|Location:||Kodagu district, Karnataka, India|
|Must See:||Abbey falls, Madikeri town, trekking trails|
|Temperature:||: Max 28°C, Min 22°C (summer); Max 24°C, Min 15°C (winter)|
|Ideal Time to Visit:||October to February|
|Languages:||Kannada, Malayalam, Tamil|
Perhaps the best-known among Karnataka hill stations, Coorg enthralls tourists with its breathtaking locales. Miles of luxuriant coffee plantations, misty mountains and lush valleys make this scenic land a perfect getaway for nature lovers. Despite playing host to a number of powerful empires such as the Kadambas, Gangas, Cholas, Hoysalas, and Vijayanagara, the Kodagu region preserved its ethnic cultural heritage.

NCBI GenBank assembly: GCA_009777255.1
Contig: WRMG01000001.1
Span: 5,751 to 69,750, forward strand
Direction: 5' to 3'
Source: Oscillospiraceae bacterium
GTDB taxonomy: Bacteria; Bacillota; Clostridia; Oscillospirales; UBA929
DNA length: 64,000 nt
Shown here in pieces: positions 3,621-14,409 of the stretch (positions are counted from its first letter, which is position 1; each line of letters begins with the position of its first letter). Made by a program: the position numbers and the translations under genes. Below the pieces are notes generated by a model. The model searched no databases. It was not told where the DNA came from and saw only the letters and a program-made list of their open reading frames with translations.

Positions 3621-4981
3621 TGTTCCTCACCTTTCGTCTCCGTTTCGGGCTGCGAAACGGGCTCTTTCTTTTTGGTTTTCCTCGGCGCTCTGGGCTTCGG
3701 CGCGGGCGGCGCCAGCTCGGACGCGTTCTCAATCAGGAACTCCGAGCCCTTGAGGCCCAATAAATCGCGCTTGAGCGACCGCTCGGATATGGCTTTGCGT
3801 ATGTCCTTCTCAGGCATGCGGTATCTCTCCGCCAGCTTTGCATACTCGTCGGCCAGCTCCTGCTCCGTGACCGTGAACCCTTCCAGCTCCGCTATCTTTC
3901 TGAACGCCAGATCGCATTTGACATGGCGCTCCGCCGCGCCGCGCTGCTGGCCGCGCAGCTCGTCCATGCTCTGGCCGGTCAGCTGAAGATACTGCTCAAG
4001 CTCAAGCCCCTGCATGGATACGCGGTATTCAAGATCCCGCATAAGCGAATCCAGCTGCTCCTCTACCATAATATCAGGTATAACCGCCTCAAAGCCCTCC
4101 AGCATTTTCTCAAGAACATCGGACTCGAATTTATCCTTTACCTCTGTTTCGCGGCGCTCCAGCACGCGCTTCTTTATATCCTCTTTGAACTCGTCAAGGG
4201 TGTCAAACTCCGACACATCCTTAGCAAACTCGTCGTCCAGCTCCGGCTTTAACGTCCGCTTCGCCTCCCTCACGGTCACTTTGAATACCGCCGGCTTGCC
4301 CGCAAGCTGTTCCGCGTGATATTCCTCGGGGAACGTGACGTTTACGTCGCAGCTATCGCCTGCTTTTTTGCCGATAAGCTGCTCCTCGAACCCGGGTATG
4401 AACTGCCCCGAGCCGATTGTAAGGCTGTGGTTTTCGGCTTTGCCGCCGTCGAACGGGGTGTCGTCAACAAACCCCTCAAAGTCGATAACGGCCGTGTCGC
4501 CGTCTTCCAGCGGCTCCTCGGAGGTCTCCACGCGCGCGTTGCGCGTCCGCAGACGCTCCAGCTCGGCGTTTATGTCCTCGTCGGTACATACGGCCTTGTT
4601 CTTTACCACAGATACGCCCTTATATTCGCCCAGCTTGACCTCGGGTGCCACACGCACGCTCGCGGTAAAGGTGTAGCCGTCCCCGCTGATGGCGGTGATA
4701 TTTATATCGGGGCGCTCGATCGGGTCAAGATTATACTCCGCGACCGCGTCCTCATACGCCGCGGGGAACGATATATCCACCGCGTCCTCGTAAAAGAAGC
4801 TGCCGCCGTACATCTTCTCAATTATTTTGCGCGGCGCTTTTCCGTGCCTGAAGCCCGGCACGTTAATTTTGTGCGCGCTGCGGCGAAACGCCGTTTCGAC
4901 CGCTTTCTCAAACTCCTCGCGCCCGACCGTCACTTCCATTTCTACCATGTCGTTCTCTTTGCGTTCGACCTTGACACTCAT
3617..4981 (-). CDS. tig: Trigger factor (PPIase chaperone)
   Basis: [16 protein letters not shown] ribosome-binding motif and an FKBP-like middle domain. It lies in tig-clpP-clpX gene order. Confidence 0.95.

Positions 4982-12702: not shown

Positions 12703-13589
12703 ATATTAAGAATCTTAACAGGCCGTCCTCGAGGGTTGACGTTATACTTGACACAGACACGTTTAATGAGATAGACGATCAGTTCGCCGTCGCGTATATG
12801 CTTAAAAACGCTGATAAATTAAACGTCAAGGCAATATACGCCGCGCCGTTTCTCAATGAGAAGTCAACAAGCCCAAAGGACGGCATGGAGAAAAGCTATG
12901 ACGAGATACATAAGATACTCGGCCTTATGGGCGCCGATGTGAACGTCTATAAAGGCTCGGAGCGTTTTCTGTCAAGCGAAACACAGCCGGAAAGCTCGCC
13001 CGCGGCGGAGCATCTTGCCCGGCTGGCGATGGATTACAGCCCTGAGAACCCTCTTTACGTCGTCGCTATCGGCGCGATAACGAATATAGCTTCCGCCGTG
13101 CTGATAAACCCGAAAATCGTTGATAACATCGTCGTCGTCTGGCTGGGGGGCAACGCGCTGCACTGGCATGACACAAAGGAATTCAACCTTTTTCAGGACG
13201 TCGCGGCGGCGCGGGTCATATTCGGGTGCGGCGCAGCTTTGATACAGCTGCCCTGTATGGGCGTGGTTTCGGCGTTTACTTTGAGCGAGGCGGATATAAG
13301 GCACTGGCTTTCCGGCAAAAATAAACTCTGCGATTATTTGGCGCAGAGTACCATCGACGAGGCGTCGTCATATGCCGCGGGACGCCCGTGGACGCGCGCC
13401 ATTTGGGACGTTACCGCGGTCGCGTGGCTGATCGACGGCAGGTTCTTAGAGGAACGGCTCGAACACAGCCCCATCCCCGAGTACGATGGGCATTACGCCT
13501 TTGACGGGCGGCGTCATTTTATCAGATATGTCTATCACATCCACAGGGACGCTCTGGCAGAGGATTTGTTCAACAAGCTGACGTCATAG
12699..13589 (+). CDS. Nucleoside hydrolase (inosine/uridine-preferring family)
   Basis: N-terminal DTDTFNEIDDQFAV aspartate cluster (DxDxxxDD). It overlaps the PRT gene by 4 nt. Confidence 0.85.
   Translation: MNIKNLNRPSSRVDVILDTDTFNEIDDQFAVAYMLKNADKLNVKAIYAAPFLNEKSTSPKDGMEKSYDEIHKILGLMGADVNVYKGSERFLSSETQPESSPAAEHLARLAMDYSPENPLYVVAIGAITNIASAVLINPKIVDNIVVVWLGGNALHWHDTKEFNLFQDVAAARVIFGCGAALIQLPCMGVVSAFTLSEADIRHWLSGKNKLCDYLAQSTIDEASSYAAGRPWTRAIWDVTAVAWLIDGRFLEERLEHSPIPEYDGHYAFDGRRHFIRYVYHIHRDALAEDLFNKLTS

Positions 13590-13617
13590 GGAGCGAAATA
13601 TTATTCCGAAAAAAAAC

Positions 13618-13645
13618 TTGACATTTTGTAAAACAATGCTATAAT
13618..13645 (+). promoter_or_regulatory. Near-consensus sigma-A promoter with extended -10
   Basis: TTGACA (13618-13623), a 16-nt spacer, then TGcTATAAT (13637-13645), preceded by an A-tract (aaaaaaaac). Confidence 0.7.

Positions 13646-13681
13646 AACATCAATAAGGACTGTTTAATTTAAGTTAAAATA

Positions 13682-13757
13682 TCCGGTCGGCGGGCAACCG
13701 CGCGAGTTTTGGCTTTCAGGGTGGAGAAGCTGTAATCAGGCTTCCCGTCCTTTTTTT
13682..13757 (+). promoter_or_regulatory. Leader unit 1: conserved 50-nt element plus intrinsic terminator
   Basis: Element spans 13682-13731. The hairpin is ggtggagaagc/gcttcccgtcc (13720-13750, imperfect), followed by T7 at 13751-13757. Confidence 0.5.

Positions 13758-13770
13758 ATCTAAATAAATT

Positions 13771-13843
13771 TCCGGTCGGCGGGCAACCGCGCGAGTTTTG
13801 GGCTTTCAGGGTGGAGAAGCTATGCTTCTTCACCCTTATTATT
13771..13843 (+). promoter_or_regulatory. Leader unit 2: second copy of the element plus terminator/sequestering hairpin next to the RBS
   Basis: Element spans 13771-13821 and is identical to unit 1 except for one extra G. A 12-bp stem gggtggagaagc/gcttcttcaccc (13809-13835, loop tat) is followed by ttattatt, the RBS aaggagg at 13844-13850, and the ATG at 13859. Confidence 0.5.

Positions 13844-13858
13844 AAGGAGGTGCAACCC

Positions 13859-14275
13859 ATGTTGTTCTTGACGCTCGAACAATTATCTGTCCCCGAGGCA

Kodagu remained a part of the Hoysala Empire from the 11th to the 14th century A.D. Thereafter the Vijayanagara kings and the Chengalvas ruled this tiny kingdom. After the rule of the Wodeyars of Kodagu from the 17th to the 19th century, the British took possession of Kodagu in 1834 by usurping the rein of Chikkaveerarajendra Wodeyar. Upon the reorganization of states in 1956, Kodagu became a district of Karnataka State.
Kodavas, the main ethnic group of Coorg, are a fierce warrior race. Some of India’s most valiant and decorated Army officers are Kodavas. The most famous son of Kodagu is Field Marshal Kodandera Madappa Cariappa, the first Commander-in-Chief (as a general) of the armed forces of free India. He was elevated to the honorary title of Field Marshal at the age of 83. In addition, General Kodendera. S. Thimmaiah, of the same clan as K.M. Cariappa, also became a commander in chief.